• 19. Programs (initiatives) Based on the goals, three to five programs should emerge. From these programs, we will develop a strategic map. Four common programs are: Operating Efficiencies, Customer Relations, Product Innovation, and Growing the Business. 19 04/01/12
  • 20. Strategic Model Strategic Models can emerge from four principles:1. Translate strategies into operating terms.2. Link strategies throughout the entire organization.3. Commit everyone to implementing strategy.4. Make strategizing a continuous process of learning and adjusting to change. 20 04/01/12
  • 21. Four PerspectivesBefore we build strategic maps, we need to define four perspectives: Financial: Top layer in the map, represents financial outcomes (profits, revenues, etc.) Customer: Next layer down, enables financial results (service, image, price, quality, etc.) Internal Processes: The values added to customers, such as delivery, production, distribution, etc. Learning & Growth: The people, systems, and organization that enable processes. 21 04/01/12
  • 22. Before we can map yourstrategy . . .  Get down to a set of quantifiable strategic objectives: Too vague Improve Customer Service More precise Reduce average customer wait times by 30% by year end  Make sure your objectives have a direct relationship to your goals and your goals have a direct relationship to your mission and values.
  • 23. Strategic Mapping Strategic Maps are the foundation of the Balanced Scorecard. You will need one strategic map for each programs (initiatives) Maps are constructed over four perspectives. Strategies are mapped over the four perspectives, linked together. 23 04/01/12
  • 24. Linking Strategies need to be placed in the Strategic Map according to which perspective fits with the objective. Objectives may cross over more than one perspective. We usually start at the top with outcomes and work our way down, looking at what enables (drives) the outcome. 24 04/01/12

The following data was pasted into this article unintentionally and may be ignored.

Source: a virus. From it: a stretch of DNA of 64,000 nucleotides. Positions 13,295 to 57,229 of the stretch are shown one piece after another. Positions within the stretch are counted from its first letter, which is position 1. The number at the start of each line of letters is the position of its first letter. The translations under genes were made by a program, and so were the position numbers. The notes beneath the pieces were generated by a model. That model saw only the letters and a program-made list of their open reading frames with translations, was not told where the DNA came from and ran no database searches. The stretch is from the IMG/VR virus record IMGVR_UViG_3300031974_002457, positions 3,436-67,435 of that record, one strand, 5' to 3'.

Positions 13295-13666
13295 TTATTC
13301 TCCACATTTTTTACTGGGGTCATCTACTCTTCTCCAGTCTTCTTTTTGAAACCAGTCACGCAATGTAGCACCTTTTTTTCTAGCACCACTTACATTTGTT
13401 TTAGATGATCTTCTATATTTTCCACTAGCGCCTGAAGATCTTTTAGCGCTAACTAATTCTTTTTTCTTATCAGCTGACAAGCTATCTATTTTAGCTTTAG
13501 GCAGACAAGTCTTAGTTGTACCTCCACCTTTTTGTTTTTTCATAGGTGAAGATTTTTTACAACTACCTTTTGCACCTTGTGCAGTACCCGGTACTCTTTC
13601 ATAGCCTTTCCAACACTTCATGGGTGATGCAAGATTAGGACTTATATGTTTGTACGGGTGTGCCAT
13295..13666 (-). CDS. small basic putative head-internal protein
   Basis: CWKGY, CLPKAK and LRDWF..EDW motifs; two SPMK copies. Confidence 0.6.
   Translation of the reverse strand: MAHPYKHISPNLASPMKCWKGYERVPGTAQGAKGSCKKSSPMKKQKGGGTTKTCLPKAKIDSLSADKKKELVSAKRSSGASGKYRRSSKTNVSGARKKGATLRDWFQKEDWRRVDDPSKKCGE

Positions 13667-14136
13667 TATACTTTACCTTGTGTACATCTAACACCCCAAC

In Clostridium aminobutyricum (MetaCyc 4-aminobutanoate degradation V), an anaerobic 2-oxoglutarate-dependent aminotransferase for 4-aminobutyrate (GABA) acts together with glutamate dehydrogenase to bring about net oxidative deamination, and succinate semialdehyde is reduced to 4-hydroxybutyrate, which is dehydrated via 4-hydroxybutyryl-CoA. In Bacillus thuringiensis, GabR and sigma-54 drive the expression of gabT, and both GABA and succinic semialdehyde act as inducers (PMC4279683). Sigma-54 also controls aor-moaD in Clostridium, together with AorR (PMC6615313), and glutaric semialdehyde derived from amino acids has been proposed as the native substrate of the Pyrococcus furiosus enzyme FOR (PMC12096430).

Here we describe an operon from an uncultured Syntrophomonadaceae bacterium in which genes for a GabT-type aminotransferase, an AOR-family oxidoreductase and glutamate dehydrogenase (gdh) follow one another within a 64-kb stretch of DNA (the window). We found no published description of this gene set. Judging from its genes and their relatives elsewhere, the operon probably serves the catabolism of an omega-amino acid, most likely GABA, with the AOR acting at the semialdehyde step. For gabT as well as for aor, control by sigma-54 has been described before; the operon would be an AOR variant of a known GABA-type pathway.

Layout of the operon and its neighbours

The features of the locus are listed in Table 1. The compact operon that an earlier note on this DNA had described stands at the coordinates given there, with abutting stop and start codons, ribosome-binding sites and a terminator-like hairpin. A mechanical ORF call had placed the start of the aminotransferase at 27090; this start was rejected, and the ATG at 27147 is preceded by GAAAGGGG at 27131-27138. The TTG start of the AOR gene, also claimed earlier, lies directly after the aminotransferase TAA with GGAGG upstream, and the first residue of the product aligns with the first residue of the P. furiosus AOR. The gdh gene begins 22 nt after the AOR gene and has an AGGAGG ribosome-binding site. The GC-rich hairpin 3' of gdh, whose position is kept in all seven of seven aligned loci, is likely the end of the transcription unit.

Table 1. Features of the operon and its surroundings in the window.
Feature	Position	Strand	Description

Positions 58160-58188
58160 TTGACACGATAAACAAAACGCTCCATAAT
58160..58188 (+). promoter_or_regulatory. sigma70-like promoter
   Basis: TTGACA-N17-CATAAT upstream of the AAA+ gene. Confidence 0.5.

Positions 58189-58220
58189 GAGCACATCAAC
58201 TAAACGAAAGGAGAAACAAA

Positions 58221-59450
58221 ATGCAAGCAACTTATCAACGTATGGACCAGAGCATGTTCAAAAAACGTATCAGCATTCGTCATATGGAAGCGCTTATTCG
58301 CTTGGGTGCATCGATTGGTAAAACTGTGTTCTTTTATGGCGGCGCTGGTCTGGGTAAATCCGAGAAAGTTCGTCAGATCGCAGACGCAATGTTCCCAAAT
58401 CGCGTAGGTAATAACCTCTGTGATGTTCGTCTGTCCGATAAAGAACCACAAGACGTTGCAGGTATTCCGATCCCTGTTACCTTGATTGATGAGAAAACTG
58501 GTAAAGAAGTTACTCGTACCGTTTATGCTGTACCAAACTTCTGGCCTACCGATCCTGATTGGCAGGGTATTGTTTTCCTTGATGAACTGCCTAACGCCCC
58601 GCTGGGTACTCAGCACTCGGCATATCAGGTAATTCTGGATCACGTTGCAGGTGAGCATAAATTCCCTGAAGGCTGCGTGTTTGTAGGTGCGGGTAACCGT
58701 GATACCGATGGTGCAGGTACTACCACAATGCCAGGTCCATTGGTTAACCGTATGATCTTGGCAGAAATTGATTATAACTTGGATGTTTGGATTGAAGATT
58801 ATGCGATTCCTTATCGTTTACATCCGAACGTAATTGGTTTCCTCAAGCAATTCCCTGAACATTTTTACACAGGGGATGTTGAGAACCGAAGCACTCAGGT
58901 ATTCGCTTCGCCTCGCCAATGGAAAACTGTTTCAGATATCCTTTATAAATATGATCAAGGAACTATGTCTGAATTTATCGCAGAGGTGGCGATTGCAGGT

• 25. Approval Once you have completed the strategic maps, you will need to get approval from executive management. Does this map accurately tell the “story” of our strategy? If management disagrees with the map, go back and redo the maps. We need to get this step right since it represents the foundation for the entire scorecard. 25 04/01/12
  • 26. Measurements For each you need one measurement. (KPI) Measurement provides us with feedback on meeting the strategic objective. Most organizations will use many of their existing measurements. Organizations requiring major change should include driver type measurements. 26 04/01/12
  • 27. The Measurement Pyramid GoalStrategic/GPRA GoalsEnd-Outcomes Outcome Performance MeasuresLonger-Term Intermediate ProgramOutcomes Program Performance MeasuresShorter-Term Program ComponentsIntermediateOutcomes Program Component Performance Measures& Outputs ActivitiesOutputs& Inputs Activity Performance Measures
  • 28. Examples of Measurements by PerspectiveStakeholder / Customer Internal Processes • Current customer satisfaction level • Number of unscheduled maintenance calls • Improvement in customer satisfaction • Production time lost because of maintenance • Customer retention rate problems • Frequency of customer contact by customer • Percentage of equipment maintained on schedule service • Average number of monthly unscheduled outages • Average time to resolve a customer inquiry • Mean time between failures • Number of customer complaintsLearning and Growth Investments • Percentage employee absenteeism • % of facility assets fully funded for upgrading • Hours of absenteeism • % of IT infrastructure investments approved • Job posting response rate • # of new hire positions authorized for filling • Personnel turnover rate • % of required contracts awarded and in place • Ratio of acceptances to offers • Time to fill vacancy
  • 29. Key Performance Indicators The best KPI is a ratio of inputs and outputs. It indicates efficiency at all processes along the value chain i.e inputs, process, outputs and outcomes. The most important KPI is at the outcome phase which should supercede those of earlier KPIs in the value chain. 29 04/01/12